Interface legacy Fortran code from Python with f2py

I recently found some old Fortran code from the paper Algorithm AS197 A Fast Algorithm for the Exact Likelihood of Autoregressive-Moving Average Models (Melard 1984) [pdf] [code].

I’m not very fluent in Fortran77 and I don’t like the idea of rewriting a well tested piece of code introducing new bugs, so why not give a try to F2PY?

F2PY is a tool that provides an easy connection between Python and Fortran languages. F2PY is part of NumPy.

F2PY creates extension modules from (handwritten or F2PY generated) signature files or directly from Fortran sources.

The generated extension modules facilitate:

  • Calling Fortran 77/90/95, Fortran 90/95 module, and C functions from Python.
  • Accessing Fortran 77 COMMON blocks and Fortran 90/95 module data (including allocatable arrays) from Python.
  • Calling Python functions from Fortran or C (call-backs).
  • Automatically handling the difference in the data storage order of multi-dimensional Fortran and Numerical Python (i.e. C) arrays.

And this is all true!

First step, try to run f2py on the unmodified code:

$ f2py -c as197.f -m as197_

This command wraps and compile the Fortran code in as197.f and creates a module named as197_, without any hints the resulting module is importable and has a informative documentation:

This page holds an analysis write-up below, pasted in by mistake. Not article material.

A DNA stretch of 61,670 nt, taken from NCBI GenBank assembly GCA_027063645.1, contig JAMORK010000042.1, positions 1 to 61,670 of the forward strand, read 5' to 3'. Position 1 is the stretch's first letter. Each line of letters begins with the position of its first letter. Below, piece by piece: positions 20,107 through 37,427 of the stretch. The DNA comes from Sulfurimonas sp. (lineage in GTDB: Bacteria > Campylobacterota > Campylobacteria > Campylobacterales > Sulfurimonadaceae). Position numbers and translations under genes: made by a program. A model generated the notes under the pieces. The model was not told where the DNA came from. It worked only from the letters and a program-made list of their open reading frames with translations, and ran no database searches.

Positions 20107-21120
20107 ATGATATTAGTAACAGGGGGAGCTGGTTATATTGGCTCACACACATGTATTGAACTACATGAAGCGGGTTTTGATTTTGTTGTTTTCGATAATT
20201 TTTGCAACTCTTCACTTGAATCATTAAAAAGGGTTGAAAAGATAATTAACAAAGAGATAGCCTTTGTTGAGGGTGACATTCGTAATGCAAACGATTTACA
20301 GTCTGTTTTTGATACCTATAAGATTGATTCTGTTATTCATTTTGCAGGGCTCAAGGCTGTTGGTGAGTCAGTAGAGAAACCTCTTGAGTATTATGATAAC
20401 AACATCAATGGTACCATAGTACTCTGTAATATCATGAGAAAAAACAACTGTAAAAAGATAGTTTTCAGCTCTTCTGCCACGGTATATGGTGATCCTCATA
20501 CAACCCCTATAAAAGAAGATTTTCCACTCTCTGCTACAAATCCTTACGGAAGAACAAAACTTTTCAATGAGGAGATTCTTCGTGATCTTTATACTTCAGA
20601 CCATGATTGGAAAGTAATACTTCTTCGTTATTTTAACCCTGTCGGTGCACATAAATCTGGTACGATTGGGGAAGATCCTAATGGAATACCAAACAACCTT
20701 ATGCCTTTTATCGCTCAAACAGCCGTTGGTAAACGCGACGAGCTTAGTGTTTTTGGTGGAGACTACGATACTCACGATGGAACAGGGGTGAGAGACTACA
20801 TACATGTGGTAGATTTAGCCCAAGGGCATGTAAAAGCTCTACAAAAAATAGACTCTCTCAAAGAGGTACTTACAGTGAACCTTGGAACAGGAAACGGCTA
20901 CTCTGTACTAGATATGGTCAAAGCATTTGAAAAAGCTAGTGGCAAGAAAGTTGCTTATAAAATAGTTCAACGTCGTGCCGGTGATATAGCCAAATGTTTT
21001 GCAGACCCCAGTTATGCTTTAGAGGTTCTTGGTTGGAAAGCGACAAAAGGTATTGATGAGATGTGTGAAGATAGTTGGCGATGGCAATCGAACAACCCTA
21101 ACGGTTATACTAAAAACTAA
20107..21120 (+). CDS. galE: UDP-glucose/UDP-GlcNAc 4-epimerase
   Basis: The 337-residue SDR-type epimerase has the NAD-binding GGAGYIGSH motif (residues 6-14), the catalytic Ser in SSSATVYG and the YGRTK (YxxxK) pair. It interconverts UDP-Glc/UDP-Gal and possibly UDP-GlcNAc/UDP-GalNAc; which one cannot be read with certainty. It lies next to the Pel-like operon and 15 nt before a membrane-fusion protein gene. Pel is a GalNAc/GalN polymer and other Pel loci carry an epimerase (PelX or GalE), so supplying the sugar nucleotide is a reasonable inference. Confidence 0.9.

flikam - Function signature:
  flikam(p,mp,q,mq,w,e,sumsq,fact,vw,vl,vk,toler,ifault,[n,mrp1,mr])
Required arguments:
  p : input rank-1 array('d') with bounds (1)
  mp : input int
  q : input rank-1 array('d') with bounds (1)
  mq : input int
  w : input rank-1 array('d') with bounds (n)
  e : input rank-1 array('d') with bounds (n)
  sumsq : input float
  fact : input float
  vw : input rank-1 array('d') with bounds (mrp1)
  vl : input rank-1 array('d') with bounds (mrp1)
  vk : input rank-1 array('d') with bounds (mr)
  toler : input float
  ifault : input int
Optional arguments:
  n := len(w) input int
  mrp1 := len(vw) input int
  mr := len(vk) input int

As you can see f2py has correctly wrapped most arrays making the length argument optional. Something strange is happening for p and q were the length is one. But looking at the Fortran code, that is the effect of a workaround for some VAX/VMS compiler.

C ORIGINAL CODE FROM STATLIB USED P(MP),Q(MQ) BELOW, BUT THIS
C FAILS ON COMPUTERS LIKE VAX/VMS WHEN MP OR MQ ARE ZERO.
      DIMENSION P(1),Q(1),W(N),E(N),VW(MRP1),VL(MRP1),VK(MR)

We can revert that part to the original one with the correct DIMENSION.

Another build and the output of:

python -c "import as197_; print as197_.flikam.__doc__"

is better than before:

flikam - Function signature:
  flikam(p,q,w,e,sumsq,fact,vw,vl,vk,toler,ifault,[mp,mq,n,mrp1,mr])
Required arguments:
  p : input rank-1 array('d') with bounds (mp)
  q : input rank-1 array('d') with bounds (mq)
  w : input rank-1 array('d') with bounds (n)
  e : input rank-1 array('d') with bounds (n)
  sumsq : input float
  fact : input float
  vw : input rank-1 array('d') with bounds (mrp1)